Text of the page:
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Posted: Sunday February 8, 2009 10:23AM; Updated: Monday February 9, 2009 12:26PM
Selena Roberts Selena Roberts >
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Selena Roberts Q&A on A-Rod

Story Highlights

Alex Rodriguez was given a chance to respond to evidence but declined

Union officials also either ignored requests or refused to comment

Other players who tested positive may be wondering if they'll be named

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SI.com spoke with Sports Illustrated senior writer Selena Roberts on Saturday about her report that Alex Rodriguez tested positive for two anabolic steroids in 2003.

SI.com: One hundred four players tested positive for steroids in the survey testing of 2003. Alex Rodriguez is now the only known name among those 104 players, leading to some speculation that he was somehow "singled out." Can you explain why we know only of his inclusion on the list?

Roberts: David Epstein and I were working on a profile of Alex -- he was a staple of the news this past year, whether because of Madonna or his broken marriage or the Yankees' dive in the '08 standings -- when we began hearing rumors about steroid use. You hear a lot of things in this business, so we went about our due diligence in nailing down the truth: Was this rumor or real? In a meticulous process, we verified and re-verified our information, because this is a human being here, so you absolutely do not want to be wrong. We made a decision to confront Alex with the evidence we had regarding his positive test, and give him a chance to explain. He chose not to.

SI.com: Had the survey samples from 2003 been destroyed in a timely fashion, as they were supposed to be under the drug testing plan, there would have been no seizure by the federal investigators and thus no physical evidence that led to Rodriguez. Where does the responsibility fall on what seems to be an extraordinary breach of duty?

Roberts: I couldn't pretend to know what is going through Alex's head, but I wouldn't be surprised if he is not only angry at the news, but also at the Players Association executives for not destroying the testing information. Why didn't they burn the samples and put the results in a wood chipper? They've never answered to that issue. Our reporting, I believe, was as revealing of the union as it was of Alex. There are a hundred players on that list who have to wonder: Am I the next to be named?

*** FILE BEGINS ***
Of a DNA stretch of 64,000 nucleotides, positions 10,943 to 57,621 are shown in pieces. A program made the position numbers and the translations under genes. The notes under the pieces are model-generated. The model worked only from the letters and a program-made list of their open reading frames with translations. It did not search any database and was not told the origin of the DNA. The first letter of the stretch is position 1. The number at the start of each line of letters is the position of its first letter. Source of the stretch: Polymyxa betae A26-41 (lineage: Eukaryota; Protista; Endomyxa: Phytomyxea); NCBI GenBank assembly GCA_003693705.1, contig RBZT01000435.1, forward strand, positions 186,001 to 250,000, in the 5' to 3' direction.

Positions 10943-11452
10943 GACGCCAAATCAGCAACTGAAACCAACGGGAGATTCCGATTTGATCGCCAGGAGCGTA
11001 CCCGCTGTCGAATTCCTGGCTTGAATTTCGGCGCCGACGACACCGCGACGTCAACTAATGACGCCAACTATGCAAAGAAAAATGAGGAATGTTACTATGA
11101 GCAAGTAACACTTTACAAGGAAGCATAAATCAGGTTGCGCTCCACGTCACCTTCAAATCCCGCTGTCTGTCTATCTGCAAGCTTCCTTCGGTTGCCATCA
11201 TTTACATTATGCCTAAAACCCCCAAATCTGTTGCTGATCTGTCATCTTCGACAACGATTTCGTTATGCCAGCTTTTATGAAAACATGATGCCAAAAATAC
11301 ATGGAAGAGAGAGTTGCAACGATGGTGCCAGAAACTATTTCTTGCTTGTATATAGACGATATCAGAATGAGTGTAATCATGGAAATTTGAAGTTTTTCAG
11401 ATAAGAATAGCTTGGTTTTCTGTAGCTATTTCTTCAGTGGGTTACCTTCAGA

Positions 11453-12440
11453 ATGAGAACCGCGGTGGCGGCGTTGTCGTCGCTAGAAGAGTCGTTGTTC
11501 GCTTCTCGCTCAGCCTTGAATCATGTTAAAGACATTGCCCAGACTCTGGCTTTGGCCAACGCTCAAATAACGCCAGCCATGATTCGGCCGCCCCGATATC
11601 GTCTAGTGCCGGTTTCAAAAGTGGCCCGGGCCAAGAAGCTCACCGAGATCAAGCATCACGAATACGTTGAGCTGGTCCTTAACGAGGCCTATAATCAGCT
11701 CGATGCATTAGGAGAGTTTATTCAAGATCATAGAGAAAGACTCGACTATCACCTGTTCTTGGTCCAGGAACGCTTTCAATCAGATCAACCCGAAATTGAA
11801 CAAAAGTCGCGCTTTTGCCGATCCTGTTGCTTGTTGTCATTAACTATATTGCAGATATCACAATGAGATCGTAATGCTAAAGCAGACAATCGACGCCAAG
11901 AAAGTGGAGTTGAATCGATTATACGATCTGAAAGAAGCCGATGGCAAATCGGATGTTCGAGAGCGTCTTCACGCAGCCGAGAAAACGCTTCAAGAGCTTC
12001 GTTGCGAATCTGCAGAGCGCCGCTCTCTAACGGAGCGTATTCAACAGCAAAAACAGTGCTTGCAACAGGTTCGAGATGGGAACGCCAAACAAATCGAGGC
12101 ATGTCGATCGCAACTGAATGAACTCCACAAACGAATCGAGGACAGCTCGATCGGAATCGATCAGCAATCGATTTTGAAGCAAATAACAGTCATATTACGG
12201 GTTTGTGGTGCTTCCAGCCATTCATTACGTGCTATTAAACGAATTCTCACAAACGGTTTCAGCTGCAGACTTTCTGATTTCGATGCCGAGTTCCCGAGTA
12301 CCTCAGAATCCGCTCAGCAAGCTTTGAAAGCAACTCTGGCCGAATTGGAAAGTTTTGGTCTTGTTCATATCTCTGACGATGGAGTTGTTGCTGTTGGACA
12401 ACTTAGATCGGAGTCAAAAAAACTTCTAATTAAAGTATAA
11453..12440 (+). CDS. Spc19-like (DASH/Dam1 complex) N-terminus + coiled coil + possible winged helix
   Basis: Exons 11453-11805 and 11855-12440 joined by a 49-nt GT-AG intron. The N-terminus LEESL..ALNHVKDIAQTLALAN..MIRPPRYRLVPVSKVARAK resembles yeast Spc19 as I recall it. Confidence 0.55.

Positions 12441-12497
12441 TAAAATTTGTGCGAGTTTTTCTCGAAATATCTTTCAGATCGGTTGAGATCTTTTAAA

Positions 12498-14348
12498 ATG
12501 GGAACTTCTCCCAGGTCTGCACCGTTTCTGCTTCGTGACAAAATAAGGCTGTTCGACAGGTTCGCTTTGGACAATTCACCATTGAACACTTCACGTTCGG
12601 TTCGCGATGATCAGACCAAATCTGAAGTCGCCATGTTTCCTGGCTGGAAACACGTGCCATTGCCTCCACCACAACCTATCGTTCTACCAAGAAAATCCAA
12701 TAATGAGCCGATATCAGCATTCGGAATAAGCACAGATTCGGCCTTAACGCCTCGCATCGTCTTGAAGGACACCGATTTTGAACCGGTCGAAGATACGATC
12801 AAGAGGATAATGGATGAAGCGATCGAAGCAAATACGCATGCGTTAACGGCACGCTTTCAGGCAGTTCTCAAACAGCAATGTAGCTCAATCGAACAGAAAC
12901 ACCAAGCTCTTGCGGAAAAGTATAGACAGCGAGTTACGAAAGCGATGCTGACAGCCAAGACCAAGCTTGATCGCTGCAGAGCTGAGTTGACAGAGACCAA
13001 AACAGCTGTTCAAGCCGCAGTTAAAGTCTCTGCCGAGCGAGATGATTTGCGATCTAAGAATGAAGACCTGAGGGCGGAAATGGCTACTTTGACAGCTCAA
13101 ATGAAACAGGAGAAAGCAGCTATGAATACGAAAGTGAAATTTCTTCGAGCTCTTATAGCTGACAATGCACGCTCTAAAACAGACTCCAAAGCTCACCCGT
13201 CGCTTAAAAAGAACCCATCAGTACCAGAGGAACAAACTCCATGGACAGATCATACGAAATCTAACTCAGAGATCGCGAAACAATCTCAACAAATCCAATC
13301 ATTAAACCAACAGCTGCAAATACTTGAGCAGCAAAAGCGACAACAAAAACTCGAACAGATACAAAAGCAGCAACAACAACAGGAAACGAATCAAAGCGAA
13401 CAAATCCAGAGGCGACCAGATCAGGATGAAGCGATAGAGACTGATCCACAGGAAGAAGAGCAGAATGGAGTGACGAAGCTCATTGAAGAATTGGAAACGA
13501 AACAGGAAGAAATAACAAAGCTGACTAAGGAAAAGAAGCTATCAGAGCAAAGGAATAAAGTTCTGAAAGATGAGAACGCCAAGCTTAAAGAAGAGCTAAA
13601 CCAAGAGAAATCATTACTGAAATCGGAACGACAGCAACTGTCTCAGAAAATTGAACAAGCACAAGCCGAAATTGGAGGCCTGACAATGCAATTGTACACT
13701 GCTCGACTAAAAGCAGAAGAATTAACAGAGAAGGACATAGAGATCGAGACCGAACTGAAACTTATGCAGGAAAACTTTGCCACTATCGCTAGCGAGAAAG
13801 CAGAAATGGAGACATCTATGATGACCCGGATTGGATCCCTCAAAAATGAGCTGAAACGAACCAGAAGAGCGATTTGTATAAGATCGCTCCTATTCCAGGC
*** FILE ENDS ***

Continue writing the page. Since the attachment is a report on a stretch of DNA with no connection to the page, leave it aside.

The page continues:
SI.com: You confronted Alex Rodriguez face-to-face with the facts of your story, essentially informing him that his professional legacy was on the line. His response was not to deny the facts, but to tell you to "talk to the union." He also did not contact you subsequent to that meeting even with two days to process the information. What does that reaction tell you?

Roberts: Given that Alex did not deny the veracity of the evidence, we proceeded to do just as he suggested: We called the union. We gave Don Fehr, the executive director, two days to respond. On Friday, after receiving no return call from [MLBPA chief operating officer] Gene Orza, David Epstein went to his office. Orza said he "wasn't interested" in talking with SI. He provided a similar response when David asked him directly about tipping Alex to an upcoming, supposedly random drug test in late 2004.

SI.com: Your story presents facts regarding Rodriguez's drug use only in regards to a 2003 test. The 2003 season was the first season in which MLB had any kind of drug testing. What is the likelihood that Rodriguez suddenly decided to use steroids for the first time precisely when baseball started testing for them? And did you find any other evidence of PED use by Rodriguez?

Roberts: We have no hard evidence about any year other than 2003. Certainly, you wonder why Orza would tip a clean player about an upcoming test in 2004, but whether this was a one-time thing is probably best for Alex to answer if he chooses to clear the air.

SI.com: Obviously, not all players chose to use steroids. In your reporting on Rodriguez, what understanding did you gain about why someone with a $252 million contract would use steroids?

Roberts: I'll try not to indulge in too much amateur psychology here, but I think for anyone who is tagged with the "richest player in baseball" label, there is enormous pressure to perform. We know Alex is a pleaser; he wants to be the hero of the game. So did the convergence of pressure and pleasing trigger his use of steroids in '03? It sounds plausible.

SI Exclusive: A-Rod tested positive for steroids in 2003
Keith: A-Rod controversy spoils entire 2009 campaign
Verducci: How SI's report affects A-Rod, Yanks and MLB
Jenkins: A-Rod goes from backing Bonds to joining him in misery
Heyman: Rodriguez tainted by players union's mistake
Ballard: A-Rod becomes latest superhero unmasked
McCann: Rodriguez unlikely to face criminal charges
React: How does this news impact your opinion of A-Rod?
Gallery: A-Rod through the years

 
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